See also Martin, 3 F.3d at 1418; Honce, 1 F.3d at 1090. "To prevail under a hostile work environment theory, the plaintiff must show that ... conduct 'has the purpose or effect of unreasonably interfering with an individual's work performance or creating an intimidating, hostile, or offensive working environment.' " Martin, 3 F.3d at 1418 (quoting Meritor Sav. Bank v. Vinson, 477 U.S. 57, 65 (1986)). "Whether the ... conduct complained of is sufficiently pervasive to create a hostile or offensive work environment must be determined from the totality of the circumstances." Hicks, 833 F.2d at 1413 (citations omitted). " [O]ne of the critical inquiries in a hostile environment claim must be the environment. Evidence of a general work atmosphere therefore--as well as evidence of specific hostility directed toward the plaintiff--is an important factor in evaluating the claim." Purrington, 996 F.2d at 1029 (emphasis in original) (quoting Hicks at 1415) (1985)
There is deposition evidence that prior to Phelps' and Carlson's respective terminations the time card policy at Sears' Salt Lake City store had always been relaxed. According to Carlson:
The time cards in the appliance department were always very lax. An employee could come in a half an hour late, one hour late. There was nothing said about this. An employee could come in, work until 5:00 and leave. There was nothing said about that.
I have seen employees write "Ill" on their time cards, not get an approval, and still be paid their average for the time that they were off. So the time cards were very loose, very loose.
Deposition of Ronald L. Carlson, Appendix of Appellee at 416. Moreover, there is also evidence that the time card policy was also not strictly enforced after Phelps' and Carlson's terminations. For example, one employee who checked out approximately ten minutes earlier than she was supposed to "ran right into" management personnel in the parking lot who stated to her, "well, what are you doing, pulling an Arlene on me." That employee was not fired. Deposition of Beverly McCarthy, VI Supp. R. at 51.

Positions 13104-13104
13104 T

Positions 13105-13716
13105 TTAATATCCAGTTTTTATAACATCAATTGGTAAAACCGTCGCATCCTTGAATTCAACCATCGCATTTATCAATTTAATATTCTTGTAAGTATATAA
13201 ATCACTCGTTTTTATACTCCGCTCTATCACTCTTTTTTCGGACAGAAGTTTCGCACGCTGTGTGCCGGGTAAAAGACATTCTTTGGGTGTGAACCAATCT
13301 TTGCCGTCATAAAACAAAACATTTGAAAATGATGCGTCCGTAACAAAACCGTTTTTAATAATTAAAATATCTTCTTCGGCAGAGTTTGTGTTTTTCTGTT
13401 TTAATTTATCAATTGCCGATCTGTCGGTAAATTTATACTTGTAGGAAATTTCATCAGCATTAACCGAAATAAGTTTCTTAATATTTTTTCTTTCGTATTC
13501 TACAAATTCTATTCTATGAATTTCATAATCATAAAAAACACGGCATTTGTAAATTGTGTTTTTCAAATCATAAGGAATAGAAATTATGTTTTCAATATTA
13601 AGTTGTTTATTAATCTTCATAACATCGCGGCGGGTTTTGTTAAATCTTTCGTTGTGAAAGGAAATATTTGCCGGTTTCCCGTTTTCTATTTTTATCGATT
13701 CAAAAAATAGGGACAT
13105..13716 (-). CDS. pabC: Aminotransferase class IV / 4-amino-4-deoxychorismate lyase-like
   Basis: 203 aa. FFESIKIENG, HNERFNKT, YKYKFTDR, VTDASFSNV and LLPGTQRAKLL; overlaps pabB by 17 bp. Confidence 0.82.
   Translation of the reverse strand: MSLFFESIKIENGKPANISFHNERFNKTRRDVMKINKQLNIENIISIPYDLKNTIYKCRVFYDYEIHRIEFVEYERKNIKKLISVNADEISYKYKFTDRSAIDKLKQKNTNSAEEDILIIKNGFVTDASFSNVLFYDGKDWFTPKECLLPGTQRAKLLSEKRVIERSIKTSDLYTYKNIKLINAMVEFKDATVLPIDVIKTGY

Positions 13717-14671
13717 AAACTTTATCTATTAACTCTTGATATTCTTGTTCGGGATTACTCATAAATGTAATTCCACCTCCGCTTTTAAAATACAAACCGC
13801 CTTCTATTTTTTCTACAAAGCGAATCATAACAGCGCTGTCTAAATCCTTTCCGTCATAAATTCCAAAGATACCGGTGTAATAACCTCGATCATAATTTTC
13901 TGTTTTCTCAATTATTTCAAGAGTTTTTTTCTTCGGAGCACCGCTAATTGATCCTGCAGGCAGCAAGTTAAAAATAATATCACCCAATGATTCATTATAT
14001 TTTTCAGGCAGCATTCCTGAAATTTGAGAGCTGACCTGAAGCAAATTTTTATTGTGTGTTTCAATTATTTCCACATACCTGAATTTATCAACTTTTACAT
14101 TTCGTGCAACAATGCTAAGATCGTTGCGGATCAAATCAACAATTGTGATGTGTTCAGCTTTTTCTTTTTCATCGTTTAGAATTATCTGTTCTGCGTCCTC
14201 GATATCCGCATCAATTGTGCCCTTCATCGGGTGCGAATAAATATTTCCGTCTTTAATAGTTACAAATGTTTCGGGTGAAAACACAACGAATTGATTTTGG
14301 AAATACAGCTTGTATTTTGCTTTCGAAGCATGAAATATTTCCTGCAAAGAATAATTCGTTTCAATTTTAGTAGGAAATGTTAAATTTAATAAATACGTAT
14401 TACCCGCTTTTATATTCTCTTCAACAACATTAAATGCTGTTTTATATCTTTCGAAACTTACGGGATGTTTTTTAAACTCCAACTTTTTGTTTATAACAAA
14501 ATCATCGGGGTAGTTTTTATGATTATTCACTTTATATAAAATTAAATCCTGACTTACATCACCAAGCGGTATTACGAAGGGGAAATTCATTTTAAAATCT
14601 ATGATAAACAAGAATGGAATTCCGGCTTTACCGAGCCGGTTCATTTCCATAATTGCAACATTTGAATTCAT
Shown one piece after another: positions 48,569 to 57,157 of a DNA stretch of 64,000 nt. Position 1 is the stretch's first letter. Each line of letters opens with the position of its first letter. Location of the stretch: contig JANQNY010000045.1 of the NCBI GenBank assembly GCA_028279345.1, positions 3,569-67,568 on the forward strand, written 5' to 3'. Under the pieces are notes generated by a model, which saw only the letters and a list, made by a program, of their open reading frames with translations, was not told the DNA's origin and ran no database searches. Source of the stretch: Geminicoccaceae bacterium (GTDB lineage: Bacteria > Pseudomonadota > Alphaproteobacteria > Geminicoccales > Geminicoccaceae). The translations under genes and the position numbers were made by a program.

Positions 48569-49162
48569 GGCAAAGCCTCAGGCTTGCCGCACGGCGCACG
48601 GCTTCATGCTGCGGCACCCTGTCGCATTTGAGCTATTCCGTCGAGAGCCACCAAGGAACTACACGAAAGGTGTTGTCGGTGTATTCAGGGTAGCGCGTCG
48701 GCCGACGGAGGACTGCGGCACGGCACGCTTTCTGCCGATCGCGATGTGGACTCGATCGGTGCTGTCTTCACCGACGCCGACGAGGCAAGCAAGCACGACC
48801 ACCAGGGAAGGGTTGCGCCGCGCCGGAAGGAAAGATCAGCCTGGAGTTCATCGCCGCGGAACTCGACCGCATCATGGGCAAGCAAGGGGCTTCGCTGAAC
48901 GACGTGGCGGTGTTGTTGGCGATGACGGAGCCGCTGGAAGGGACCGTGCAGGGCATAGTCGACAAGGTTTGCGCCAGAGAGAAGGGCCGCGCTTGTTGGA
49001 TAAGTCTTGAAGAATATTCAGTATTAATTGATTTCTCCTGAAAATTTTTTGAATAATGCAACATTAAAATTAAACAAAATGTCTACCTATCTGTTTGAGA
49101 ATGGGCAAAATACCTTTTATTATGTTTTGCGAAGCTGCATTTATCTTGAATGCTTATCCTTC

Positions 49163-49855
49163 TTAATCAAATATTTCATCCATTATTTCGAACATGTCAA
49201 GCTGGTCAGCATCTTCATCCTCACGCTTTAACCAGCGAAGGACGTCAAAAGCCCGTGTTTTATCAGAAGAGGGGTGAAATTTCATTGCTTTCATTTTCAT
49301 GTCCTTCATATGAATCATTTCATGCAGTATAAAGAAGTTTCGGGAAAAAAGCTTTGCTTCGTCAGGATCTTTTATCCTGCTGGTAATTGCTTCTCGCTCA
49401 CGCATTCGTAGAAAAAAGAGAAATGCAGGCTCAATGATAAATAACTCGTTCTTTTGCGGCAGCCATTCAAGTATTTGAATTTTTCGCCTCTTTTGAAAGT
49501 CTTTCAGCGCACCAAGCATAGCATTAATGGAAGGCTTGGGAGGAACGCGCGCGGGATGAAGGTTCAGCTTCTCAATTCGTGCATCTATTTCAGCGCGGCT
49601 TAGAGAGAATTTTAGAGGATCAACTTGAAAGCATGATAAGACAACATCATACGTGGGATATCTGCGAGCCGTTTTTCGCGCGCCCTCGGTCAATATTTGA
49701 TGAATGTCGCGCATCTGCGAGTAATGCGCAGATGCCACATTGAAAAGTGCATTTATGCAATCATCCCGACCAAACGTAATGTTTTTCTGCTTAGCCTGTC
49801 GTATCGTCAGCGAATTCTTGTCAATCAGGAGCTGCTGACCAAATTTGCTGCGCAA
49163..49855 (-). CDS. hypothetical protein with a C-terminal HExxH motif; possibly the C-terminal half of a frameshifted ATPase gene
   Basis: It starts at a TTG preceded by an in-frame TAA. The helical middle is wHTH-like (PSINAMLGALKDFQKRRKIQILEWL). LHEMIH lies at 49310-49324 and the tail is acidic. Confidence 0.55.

2000e-3(a) states in relevant part that:
It shall be an unlawful employment practice for an employer to discriminate against any of his employees ... because he has opposed any practice made an unlawful employment practice by this subchapter, or because he has made a charge, testified, assisted, or participated in any manner in an investigation, proceeding, or hearing under this subchapter.
Management knew that Carlson had changed his attitude and supported Phelps. See Deposition of Diane K. Boyd, Appendix of Appellee at 247-248
29 U.S.C. 623(a) (1) states in relevant part that:
It shall be unlawful for an employer--
(1) to fail or refuse to hire or to discharge any individual or otherwise discriminate against any individuals with respect to his compensation, terms, conditions, or privileges of employment, because of such individual's age....
29 U.S.C. 631(a) limits the protection of the statute to individuals at least 40 years of age